In 2006, Frank Koughan and his wife relocated from the USA to the highland city of Querétaro, Mexico. Over the years, Frank has learned a lot about the differences between the two countries. Including how, in the nearly five hundred Decembers since Spanish conquistadors introduced Christianity, Feliz Navidad has become a much different deal than Merry Christmas.
The Christmas season here is better known as the “Guadalupe-Reyes Marathon” (seriously), running from the feast of Mexico’s patron saint, the Virgin of Guadalupe (December 12) to Three Kings Day (January 6). That’s a solid twenty-six days of Christmas. But Three Kings Day done right involves the consumption of a traditional cake called rosca de reyes, with a little plastic baby hidden in it. Whoever gets the piece with the baby has to cook (okay, buy) tamales on February 2, and bring the baby from the family’s nativity scene to church to be blessed – adding a bonus twenty-seven days to the season.
With its monomaniacal focus on a single day, American Christmas can be pretty stressful. But Mexicans have their family gatherings on Christmas Eve (Noche Buena) and Three Kings Day, leaving December 25 as kind of an anti-climax. Stores and businesses are open. Churches hold masses as usual. In Querétaro, the biggest signs of a celebration are the traditional Christmas Day bullfight and the traditional Christmas Day sixteen-man, steel-cage lucha libre wrestling match.
Though the separation of church and state was reinforced by both a civil war and a revolution, sprawling nacimientos, or nativity scenes, are erected in the public squares of every city and town in Mexico. Many have apparently been designed by people versed in neither the Bible nor zoology. Here in Querétaro, I’ve seen the Christ child attended by a zebra, an alligator, a pair of White Pekin ducks, a giraffe, and several figurines clad in Mexican indigenous garb – one of whom is selling dried beef from a cart. Noah’s Ark, Satan and an aerobically-toned Adam and Eve make appearances as well.
Santa Claus is increasingly ubiquitous as a symbol of the season, but Los Reyes Magos (the Three Kings) are still the ones who bring the bling. Because the Bible shows at least two of them to be lousy gift-givers (gold is always cool), children write out shopping lists for them, which are then tied to helium balloons and set aloft. How this environmentally disastrous flotilla of lists is expected to arrive in the hands of one of the Kings is a mystery on par with the Virgin Birth, and possibly explains why Mexican children don’t get their gifts until January 6.
On the nine nights leading up to Christmas Eve, Mexicans stage posadas, in which groups of neighbors gather outside a house and, evoking Mary and Joseph, sing a song begging for shelter. The occupants of the house – true to the well-known tale – reply with the musical equivalent of “get lost.” This goes on for several verses until the occupants realize the visitors are important, and finally relent, bringing them in for a full-on piñata party.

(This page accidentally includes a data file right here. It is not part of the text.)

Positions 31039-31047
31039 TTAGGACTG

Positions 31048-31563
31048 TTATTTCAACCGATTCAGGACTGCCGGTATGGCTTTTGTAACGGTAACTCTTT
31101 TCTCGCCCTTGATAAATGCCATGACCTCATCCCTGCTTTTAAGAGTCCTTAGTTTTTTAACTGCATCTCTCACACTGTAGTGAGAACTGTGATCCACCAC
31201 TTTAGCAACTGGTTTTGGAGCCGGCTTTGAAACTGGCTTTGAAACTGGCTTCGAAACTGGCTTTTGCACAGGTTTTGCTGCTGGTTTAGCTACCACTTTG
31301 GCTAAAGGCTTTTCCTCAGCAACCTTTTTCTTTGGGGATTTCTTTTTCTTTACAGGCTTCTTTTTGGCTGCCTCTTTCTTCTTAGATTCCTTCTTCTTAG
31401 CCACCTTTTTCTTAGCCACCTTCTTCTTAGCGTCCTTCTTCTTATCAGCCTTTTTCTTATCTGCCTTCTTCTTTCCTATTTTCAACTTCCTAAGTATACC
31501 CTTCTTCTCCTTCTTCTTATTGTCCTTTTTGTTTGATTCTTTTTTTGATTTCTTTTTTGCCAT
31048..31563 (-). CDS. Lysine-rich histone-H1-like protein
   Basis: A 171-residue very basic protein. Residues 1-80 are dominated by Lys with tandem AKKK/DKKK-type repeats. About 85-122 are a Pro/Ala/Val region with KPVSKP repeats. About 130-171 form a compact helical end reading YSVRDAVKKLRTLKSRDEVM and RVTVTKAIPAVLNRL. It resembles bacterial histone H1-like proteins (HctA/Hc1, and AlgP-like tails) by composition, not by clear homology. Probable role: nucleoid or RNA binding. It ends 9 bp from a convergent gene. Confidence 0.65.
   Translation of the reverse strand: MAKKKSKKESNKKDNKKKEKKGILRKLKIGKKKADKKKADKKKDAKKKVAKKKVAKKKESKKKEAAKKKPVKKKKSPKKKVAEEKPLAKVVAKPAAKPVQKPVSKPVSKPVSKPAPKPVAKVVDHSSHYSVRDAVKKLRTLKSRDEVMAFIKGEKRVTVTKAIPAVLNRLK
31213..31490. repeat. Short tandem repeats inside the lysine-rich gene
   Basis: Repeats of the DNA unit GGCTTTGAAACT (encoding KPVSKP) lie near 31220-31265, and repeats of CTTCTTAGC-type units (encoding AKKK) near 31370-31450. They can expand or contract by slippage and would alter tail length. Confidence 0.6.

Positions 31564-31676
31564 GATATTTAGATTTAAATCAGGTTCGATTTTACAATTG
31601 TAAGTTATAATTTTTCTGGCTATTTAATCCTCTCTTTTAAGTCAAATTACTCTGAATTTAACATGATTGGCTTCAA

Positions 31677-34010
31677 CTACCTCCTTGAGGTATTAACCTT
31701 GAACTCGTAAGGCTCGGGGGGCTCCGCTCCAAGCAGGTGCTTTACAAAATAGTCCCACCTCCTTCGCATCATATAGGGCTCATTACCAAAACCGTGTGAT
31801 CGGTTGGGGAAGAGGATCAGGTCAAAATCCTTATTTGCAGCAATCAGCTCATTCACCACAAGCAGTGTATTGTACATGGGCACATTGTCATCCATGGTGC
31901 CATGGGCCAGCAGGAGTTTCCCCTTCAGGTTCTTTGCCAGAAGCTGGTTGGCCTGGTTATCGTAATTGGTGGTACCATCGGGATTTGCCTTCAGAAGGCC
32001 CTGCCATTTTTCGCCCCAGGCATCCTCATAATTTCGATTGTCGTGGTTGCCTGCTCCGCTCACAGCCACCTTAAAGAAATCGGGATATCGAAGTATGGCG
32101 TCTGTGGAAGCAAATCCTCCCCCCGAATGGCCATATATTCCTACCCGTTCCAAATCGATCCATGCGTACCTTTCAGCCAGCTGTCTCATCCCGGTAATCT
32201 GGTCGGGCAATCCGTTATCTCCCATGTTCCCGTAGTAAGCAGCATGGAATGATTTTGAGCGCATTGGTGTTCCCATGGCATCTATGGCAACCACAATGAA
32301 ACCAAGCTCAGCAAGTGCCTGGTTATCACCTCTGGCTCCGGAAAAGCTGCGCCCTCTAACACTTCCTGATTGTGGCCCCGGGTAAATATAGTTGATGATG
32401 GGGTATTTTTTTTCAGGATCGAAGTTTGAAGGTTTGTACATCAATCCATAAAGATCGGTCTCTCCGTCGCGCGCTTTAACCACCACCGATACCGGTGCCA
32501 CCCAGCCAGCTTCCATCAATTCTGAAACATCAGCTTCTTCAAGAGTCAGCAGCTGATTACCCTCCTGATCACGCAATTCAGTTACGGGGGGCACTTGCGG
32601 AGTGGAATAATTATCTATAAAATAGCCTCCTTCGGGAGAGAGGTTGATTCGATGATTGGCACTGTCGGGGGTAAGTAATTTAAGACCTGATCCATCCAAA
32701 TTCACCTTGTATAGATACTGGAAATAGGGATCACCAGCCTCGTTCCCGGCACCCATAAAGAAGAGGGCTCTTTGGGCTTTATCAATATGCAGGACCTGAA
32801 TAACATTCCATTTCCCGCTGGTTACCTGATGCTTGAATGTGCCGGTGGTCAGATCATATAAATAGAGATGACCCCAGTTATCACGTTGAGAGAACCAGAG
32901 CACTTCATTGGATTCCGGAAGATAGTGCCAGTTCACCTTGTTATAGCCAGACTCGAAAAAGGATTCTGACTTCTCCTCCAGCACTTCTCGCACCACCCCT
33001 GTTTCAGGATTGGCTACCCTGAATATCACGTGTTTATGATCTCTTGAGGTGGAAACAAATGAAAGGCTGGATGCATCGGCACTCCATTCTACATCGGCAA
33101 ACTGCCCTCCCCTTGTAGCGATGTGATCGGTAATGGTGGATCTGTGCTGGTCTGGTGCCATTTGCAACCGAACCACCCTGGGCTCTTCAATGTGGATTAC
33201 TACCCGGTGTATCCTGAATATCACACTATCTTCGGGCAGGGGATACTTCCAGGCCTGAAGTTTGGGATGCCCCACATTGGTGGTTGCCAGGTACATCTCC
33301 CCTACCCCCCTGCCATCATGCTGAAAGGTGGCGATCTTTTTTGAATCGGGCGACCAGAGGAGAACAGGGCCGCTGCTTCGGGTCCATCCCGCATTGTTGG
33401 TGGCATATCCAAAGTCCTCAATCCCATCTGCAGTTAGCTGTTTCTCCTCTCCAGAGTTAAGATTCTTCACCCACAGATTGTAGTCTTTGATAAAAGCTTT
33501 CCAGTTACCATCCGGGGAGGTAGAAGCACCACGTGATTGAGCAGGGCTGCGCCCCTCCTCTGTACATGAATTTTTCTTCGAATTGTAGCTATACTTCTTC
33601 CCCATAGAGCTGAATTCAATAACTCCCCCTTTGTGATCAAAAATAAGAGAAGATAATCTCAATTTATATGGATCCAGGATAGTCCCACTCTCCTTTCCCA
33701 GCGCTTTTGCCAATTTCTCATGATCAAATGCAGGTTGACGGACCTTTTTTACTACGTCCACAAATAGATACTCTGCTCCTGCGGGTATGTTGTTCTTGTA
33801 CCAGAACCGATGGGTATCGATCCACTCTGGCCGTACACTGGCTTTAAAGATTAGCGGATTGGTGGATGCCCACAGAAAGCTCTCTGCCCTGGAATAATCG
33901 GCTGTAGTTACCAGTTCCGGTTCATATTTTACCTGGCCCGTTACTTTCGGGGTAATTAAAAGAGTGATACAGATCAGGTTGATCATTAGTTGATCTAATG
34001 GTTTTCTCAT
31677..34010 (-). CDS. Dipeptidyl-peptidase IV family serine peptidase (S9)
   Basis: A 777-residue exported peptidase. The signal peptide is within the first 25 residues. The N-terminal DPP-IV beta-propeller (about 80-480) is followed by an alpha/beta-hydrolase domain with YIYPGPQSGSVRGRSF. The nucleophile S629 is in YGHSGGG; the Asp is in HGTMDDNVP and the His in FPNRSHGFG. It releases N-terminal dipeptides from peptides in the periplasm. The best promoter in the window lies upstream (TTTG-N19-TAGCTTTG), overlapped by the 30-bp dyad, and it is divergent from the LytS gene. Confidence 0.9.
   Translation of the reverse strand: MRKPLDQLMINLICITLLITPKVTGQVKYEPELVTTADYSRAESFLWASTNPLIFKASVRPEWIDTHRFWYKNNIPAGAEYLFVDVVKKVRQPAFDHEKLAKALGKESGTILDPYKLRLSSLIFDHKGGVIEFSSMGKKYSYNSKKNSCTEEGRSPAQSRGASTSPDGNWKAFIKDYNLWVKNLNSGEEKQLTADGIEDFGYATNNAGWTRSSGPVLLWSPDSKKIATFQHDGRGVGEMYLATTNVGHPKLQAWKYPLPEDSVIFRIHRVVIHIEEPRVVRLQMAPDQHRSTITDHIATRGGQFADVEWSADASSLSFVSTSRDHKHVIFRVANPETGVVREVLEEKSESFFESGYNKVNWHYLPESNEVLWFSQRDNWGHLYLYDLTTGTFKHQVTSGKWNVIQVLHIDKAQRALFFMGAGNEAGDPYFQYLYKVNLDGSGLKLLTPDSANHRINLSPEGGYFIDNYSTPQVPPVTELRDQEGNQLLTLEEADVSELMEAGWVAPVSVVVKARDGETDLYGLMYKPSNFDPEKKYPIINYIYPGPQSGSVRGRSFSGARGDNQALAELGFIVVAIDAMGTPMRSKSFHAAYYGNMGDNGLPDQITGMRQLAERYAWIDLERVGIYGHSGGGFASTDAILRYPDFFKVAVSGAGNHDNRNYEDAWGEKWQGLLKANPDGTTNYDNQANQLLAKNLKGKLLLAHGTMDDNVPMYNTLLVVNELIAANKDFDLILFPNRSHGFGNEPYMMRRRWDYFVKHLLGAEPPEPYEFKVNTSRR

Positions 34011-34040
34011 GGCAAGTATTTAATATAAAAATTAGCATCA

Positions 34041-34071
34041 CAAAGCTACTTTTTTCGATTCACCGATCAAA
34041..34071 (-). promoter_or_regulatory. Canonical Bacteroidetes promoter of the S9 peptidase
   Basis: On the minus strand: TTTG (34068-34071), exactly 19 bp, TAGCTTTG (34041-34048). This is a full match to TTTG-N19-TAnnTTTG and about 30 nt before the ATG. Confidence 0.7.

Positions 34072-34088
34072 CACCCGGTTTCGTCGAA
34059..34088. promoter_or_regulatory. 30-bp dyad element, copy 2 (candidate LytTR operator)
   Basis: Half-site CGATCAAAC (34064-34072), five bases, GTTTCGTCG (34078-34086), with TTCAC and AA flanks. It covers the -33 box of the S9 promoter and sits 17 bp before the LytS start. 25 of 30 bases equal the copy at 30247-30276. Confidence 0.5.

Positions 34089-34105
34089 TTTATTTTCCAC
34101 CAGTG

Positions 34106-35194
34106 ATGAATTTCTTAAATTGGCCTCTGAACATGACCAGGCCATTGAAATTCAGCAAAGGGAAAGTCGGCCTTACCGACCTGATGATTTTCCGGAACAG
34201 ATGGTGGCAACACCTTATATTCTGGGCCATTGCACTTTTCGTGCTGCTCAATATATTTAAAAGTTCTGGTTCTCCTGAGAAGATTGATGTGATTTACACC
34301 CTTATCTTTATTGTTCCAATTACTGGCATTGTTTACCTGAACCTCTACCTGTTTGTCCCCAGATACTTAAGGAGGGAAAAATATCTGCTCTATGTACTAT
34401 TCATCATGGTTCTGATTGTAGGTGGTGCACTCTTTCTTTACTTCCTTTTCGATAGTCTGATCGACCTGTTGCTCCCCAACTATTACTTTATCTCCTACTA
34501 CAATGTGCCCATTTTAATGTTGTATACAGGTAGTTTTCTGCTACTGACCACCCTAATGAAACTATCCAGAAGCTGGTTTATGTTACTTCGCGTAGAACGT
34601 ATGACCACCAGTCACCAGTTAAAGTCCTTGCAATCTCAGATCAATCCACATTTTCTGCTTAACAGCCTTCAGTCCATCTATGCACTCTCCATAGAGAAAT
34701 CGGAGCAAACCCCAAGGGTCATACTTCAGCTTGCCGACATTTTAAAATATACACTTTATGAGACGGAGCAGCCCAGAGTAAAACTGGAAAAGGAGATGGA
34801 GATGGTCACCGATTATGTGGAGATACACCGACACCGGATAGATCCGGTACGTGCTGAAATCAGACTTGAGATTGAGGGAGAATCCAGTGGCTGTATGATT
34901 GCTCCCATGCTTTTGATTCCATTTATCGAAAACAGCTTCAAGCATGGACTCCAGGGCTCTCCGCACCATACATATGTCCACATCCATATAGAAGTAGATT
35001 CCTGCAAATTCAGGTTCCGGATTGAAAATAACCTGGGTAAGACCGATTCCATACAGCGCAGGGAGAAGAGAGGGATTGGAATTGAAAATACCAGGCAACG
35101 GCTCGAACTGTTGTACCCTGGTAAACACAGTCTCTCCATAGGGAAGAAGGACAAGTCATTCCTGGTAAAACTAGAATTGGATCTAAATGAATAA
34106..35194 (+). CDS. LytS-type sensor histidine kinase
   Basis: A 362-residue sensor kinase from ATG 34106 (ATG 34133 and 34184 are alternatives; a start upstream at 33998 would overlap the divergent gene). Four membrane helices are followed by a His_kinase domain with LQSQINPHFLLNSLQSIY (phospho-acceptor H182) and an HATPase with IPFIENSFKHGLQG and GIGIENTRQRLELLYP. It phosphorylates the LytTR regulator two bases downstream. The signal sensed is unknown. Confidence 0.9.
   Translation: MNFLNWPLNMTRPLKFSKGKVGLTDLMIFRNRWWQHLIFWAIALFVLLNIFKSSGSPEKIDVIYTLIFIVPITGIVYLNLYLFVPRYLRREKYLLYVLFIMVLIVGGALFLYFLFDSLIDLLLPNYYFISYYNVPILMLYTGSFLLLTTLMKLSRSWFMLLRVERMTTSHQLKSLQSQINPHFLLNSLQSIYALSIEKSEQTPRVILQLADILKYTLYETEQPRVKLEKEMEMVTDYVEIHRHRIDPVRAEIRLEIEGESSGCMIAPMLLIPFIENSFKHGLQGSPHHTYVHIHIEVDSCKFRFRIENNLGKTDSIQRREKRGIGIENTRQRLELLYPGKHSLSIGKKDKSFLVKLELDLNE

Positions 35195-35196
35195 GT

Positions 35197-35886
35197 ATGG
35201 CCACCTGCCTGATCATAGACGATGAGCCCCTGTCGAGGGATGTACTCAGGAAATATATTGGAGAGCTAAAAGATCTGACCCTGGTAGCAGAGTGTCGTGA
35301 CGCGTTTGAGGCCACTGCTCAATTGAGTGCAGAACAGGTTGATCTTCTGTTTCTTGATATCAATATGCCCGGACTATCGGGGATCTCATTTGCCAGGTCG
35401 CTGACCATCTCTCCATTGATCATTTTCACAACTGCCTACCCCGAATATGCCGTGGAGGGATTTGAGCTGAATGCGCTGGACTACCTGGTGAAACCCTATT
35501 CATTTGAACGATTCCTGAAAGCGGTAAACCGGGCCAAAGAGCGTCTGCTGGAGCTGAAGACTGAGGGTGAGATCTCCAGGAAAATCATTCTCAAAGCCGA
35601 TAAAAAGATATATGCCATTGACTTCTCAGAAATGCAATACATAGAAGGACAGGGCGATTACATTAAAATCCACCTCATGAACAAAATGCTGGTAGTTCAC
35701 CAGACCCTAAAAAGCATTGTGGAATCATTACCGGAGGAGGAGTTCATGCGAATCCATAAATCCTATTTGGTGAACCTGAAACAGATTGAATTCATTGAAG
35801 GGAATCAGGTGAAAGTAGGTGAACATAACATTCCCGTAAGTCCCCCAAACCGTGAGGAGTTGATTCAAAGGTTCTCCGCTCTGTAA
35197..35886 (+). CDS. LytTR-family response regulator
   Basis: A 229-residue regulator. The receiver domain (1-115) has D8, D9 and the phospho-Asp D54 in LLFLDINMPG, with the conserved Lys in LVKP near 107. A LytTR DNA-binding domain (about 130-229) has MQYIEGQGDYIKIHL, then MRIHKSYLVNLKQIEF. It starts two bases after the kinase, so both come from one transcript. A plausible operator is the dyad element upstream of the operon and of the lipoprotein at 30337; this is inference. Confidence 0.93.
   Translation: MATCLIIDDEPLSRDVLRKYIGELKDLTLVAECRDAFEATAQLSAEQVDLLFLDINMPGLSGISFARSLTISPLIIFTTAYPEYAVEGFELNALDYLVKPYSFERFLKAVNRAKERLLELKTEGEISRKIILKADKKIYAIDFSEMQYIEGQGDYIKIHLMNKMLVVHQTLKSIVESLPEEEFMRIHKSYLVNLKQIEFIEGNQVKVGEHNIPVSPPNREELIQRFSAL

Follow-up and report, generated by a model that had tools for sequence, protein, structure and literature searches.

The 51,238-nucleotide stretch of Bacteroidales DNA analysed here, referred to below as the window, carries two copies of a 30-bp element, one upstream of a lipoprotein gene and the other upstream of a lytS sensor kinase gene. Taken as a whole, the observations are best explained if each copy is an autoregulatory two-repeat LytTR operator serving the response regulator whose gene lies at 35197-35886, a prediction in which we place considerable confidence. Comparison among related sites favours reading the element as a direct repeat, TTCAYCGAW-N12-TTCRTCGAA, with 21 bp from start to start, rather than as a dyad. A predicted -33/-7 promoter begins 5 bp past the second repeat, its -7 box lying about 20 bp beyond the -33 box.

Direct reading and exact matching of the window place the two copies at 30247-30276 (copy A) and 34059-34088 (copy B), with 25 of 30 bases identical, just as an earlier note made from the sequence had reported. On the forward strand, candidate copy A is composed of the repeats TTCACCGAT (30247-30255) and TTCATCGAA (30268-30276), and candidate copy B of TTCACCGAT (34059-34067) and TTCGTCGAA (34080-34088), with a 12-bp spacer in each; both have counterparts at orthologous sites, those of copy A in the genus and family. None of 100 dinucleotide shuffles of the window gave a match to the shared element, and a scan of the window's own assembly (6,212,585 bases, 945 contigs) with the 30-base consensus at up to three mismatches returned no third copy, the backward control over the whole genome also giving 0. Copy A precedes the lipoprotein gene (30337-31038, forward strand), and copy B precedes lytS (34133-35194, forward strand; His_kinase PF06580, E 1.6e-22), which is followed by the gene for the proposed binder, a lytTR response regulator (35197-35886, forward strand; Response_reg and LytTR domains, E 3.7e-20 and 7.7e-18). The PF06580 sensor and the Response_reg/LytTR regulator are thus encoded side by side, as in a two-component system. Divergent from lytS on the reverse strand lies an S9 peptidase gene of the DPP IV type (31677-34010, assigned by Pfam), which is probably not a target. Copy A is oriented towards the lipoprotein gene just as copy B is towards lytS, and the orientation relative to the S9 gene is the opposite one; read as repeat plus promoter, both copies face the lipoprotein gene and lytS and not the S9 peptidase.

In case the Christmas season isn’t festive enough, Mexicans throw an April Fools Day into the middle of it. Día de los Inocentes (December 28) commemorates the day the Bible’s Original Pranksta, King Herod, who ordered the slaughter of every male baby in Greater Bethlehem. I admit, I still don’t see what the joke was there, but because “innocent” and “naïve” are the same word in Spanish, the day is now devoted to duping the unsuspecting. Apparently you can’t spell “Messiah’s birth” without m-i-r-t-h.
Poinsettias – known as flor de noche buena (the Christmas Eve flower) – are native to Mexico, as the American diplomat Joel Robert Poinsett discovered when he arrived as the first American ambassador to Mexico in 1822. In a hint of how this relation would go over the coming centuries, Poinsett swiped the nochebuenas he saw in Nativity display in Cuernavaca, sent cuttings back to friends in the US, and renamed the plant after himself. (A Mexican lizard also carries his name.) A California horticulturalist later bred a more attractive version, which he patented, leading to a poinsettia cartel so powerful even Mexicans have been forced to buy American seeds. In the US, the date of Poinsett’s death is officially National Poinsettia Day. Of course this is on December 12, the start of the Maratón Guadalupe-Reyes.
Frank Koughan is a journalist and documentary filmmaker from New York who, in the midst of a late-30s midlife crisis, moved to Querétaro with his wife and dog for a one-year vacation back in 2006, and has yet to move back.